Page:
Large corporations have some hefty cash reserves, and businesses are holding onto it. The Association for Financial Professionals’ Corporate Cash Indicators that were released last April found that corporations in the U.S. are becoming more conservative with spending money.
Similar conclusions were reached by Forbes Insights, which published “Cash Rich: Are You Prepared to Handle the Risks” late last week.
According to the research, which was sponsored by Northern Trust, two-thirds of corporate treasurers and senior money managers at U.S. conglomerates have more cash reserves than they did prior to the financial crisis of 2008.
Researchers said the main driver behind this cash hoarding is treasurers’ uncertainty over the economy. While the market has seen improvement, a survey found these money managers still feel the economy is too unstable to take on major risk.
Forbes Insights focused its research on what corporate treasurers are doing with all that money. Researchers found that nearly half (43 percent) say they are more aggressively pushing for short-term investments, and even more (49 percent) said they are extending the maturities of their investments for greater returns.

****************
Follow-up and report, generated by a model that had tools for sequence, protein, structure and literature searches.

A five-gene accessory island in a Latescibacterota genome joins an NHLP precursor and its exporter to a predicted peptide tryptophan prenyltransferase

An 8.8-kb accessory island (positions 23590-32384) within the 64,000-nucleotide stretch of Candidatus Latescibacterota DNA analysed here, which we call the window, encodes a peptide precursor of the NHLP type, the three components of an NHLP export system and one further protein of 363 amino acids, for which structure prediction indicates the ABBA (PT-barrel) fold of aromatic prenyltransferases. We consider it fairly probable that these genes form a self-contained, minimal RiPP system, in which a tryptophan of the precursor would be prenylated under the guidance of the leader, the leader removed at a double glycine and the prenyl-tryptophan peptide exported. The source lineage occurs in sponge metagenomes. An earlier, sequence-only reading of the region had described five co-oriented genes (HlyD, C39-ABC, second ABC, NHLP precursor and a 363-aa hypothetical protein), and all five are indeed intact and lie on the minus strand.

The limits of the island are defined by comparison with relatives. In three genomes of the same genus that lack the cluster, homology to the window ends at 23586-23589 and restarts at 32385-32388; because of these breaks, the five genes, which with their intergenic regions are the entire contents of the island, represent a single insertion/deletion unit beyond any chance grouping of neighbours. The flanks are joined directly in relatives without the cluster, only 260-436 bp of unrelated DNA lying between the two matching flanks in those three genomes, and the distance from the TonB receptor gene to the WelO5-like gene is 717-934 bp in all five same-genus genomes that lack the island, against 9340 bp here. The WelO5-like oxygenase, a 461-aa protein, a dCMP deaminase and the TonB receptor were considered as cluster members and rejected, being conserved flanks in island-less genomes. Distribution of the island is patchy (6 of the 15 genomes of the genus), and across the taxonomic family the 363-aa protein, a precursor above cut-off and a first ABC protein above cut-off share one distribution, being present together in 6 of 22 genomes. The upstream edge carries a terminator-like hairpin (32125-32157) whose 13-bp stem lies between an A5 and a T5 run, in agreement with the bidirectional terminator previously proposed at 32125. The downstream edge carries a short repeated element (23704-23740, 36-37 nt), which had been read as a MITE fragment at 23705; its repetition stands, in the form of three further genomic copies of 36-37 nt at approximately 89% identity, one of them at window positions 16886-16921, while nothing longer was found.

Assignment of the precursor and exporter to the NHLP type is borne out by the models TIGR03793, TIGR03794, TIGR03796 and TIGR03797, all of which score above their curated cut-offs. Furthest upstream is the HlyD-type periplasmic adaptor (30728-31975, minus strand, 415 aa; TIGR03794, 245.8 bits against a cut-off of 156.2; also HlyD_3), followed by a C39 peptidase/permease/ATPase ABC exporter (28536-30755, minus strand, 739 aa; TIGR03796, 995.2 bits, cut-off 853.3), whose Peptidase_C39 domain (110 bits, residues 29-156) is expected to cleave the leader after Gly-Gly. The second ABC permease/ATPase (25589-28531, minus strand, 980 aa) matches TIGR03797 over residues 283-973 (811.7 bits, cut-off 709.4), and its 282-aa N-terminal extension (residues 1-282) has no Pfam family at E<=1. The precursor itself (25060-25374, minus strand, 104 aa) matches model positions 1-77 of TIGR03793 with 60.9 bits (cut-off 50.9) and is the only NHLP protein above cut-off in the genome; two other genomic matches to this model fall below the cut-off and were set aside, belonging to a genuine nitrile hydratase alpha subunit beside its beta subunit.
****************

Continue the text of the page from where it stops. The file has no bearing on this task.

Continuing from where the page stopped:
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Major corporations are using newer and more varied risk management tools, the researchers added, while nearly one-third of treasurers surveyed said they are setting aside at least a portion of their investments as longer-term assets.
Forbes Insights also questioned whether the data means corporations are taking a more critical standpoint of the role of the treasury department.
“As the above research suggests, it may be time for a comprehensive review of short-term investing,” the report said, suggesting businesses should review their fundamental cash management strategies, like policies, metrics and investment objectives.
“They might also consider building more bridges between their pension management teams and corporate treasury as a means of greater knowledge sharing,” the report added.
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